June 21, 2005

Senior Collective

There were 3 of us chatting about the certainty of destitution in our twilight years. As each of us are approaching 40 at varying speeds, thoughts of eating Alpo out of the can at 80 start creeping in. While wondering what retirement homes will be like when we’re ready for them, JB pops up with this scenario:

Come our elderly years, there will be no Medicare, no Social Security, so no retirement homes for us. We’ll all wind up living in group homes. Not some patchouli, organic-growing hippie commune, god forbid! Not senior communities with on-staff nurses and Tuesday shuttles to Wal-Mart. Instead, we’ll be collectives of friends sharing the same house, or makeshift families of 7 pooling their meager resources to pay rent and utilities on some ground floor 2-bedroom apartment.

He said the idea only hit him as he was yammering, but it’s a wise and pragmatic forecast. We’re the generation who were the objects of custody battles when divorce became easy and trendy. We’re the kids who had to adjust to ever-changing configurations of step-families being forced upon us. And we’re the ones so shell-shocked by all manner of traditional families being blown to pieces that we only trust and rely upon our friends – our family of choice.

When talking generations, we have to define them, and then realize we’re talking in sweeping generalizations. For instance, of the 3 of us sharing the Senior Collective light bulb moment, both the guys’ original parents are still together, while my father is in competition with Elizabeth Taylor for Most Marriages. In this group, I was the exception. But usually, it’s easier to count whose original parents are still together on one hand.

About a month after this conversation, my father’s fifth wife’s daughter-in-law (or Kathy, for short) started thinking aloud about what would make a more desirable retirement community for people our age:

Each person or couple has their own small place, all of them very close together, surrounding one common area. Not like condo complexes where you pay a monthly fee so someone mows the lawns and you can ignore everyone. But a group of family and friends sharing one large lot, with everyone pitching in and taking care of one another.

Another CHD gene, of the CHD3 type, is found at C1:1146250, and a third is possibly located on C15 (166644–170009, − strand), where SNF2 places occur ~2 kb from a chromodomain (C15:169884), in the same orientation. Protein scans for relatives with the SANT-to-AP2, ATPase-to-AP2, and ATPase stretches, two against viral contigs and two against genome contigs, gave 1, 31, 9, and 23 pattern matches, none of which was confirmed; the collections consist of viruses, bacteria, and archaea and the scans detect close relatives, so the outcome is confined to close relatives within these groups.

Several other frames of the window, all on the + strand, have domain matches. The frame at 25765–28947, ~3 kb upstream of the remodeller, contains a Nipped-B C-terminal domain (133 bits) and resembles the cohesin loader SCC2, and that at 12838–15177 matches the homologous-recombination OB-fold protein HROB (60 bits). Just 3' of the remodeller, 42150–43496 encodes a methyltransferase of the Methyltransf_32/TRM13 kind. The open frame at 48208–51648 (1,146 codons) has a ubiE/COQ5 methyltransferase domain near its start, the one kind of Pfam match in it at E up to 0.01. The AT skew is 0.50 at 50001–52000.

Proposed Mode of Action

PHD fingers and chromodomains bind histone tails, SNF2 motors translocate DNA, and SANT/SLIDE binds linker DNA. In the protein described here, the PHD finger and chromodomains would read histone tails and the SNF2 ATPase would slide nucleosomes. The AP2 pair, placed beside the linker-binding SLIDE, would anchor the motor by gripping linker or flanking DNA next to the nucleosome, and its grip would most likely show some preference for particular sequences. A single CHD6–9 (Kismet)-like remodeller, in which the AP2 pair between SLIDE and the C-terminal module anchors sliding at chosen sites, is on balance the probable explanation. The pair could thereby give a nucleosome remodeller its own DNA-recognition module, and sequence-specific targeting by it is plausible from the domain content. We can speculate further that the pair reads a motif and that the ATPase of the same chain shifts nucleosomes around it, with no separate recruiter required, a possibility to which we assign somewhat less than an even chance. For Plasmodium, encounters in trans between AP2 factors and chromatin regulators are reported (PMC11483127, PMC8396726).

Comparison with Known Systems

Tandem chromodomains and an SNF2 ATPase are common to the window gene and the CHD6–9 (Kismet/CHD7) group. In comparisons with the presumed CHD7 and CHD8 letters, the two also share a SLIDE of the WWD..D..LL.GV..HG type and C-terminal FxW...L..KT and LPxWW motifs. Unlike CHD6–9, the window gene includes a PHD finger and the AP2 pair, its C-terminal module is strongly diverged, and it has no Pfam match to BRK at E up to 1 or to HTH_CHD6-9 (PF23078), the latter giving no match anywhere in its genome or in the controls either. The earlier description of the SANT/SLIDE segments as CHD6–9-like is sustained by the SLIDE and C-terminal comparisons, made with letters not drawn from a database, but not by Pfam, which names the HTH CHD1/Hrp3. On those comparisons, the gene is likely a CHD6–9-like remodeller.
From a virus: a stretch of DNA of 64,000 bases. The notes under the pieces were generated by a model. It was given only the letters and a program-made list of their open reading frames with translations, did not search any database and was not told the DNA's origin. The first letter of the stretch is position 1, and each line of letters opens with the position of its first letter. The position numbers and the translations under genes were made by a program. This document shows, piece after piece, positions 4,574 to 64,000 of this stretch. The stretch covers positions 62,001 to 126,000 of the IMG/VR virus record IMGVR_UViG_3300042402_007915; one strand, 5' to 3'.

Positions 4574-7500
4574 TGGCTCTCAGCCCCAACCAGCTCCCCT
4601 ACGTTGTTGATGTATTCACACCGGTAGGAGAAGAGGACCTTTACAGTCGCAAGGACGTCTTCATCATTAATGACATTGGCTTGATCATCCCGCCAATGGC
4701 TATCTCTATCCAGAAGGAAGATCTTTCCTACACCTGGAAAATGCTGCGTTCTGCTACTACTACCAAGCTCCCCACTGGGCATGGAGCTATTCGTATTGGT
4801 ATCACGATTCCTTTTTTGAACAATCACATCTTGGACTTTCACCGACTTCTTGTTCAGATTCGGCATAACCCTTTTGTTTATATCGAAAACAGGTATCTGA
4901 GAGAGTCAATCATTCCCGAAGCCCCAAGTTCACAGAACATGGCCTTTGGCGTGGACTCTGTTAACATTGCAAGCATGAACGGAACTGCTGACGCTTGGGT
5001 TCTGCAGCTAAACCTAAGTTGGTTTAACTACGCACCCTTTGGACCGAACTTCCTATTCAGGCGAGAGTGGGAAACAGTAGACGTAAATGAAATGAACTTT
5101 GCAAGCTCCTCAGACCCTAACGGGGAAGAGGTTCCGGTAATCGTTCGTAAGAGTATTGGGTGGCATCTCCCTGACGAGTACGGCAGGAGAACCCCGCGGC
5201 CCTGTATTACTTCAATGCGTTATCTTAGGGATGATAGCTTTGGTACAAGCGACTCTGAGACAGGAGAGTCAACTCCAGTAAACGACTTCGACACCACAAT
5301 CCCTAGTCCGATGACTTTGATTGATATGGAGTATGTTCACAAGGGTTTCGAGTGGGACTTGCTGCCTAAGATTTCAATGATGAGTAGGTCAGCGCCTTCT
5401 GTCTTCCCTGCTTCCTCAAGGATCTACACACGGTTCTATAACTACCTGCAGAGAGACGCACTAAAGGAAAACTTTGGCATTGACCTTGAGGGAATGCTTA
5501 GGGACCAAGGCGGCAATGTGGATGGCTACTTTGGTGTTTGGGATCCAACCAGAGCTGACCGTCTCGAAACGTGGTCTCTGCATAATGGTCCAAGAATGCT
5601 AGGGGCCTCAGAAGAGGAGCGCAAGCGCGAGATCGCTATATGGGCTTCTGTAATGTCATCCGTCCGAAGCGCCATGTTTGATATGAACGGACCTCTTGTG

When 2 different people at 2 different times come up with similar ideas, I know there’s a generational mind-set at work, and it’s already trying to find a way to work with our dim prospects for the AARP years. Maybe some Gen Xers with money are changing new-home trends, but most of us hope we can merely survive the Boomer’s aftermath relatively unscathed.

William Strauss and Neil Howe have done all the heavy lifting on generational studies, and on their prediction of the Crisis of 2020, they wrote, “Controlling the Boom may indeed emerge as the 13ers’ most fateful lifecycle mission. This will be the generation best able to deflect any Boomer drift toward apocalyptic visions. In an age of rising social intolerance, the very incorrigibility of midlife 13ers will at times be a national blessing.”

They go on to predict that this Crisis will interrupt our peak earning years, and that “history suggests 13ers will suffer a rough and neglected old age. Those who fail to provide for themselves will end up poor, by the standard of the era.” If the details they go into were a movie, it would be an NC-17 horror flick. And because Gen X will be the last generation to come of age before this “history-bending crisis,” we will be seen as rusty relics from the past because we still won’t believe in the Shangri-la that everyone but us is frolicking in.

Should even a tiny percentage of these historically based predictions come true, the Senior Collective idea goes from intriguing to necessary. And since we’ll be stranded within our own cultural wasteland, we might as well do it pop. Much like The Beatles’ in Help, we’ll walk through separate entry doors into a common house, and living together like The Monkees, our Families of Choice will be there for you, I’ll be there for you, too.

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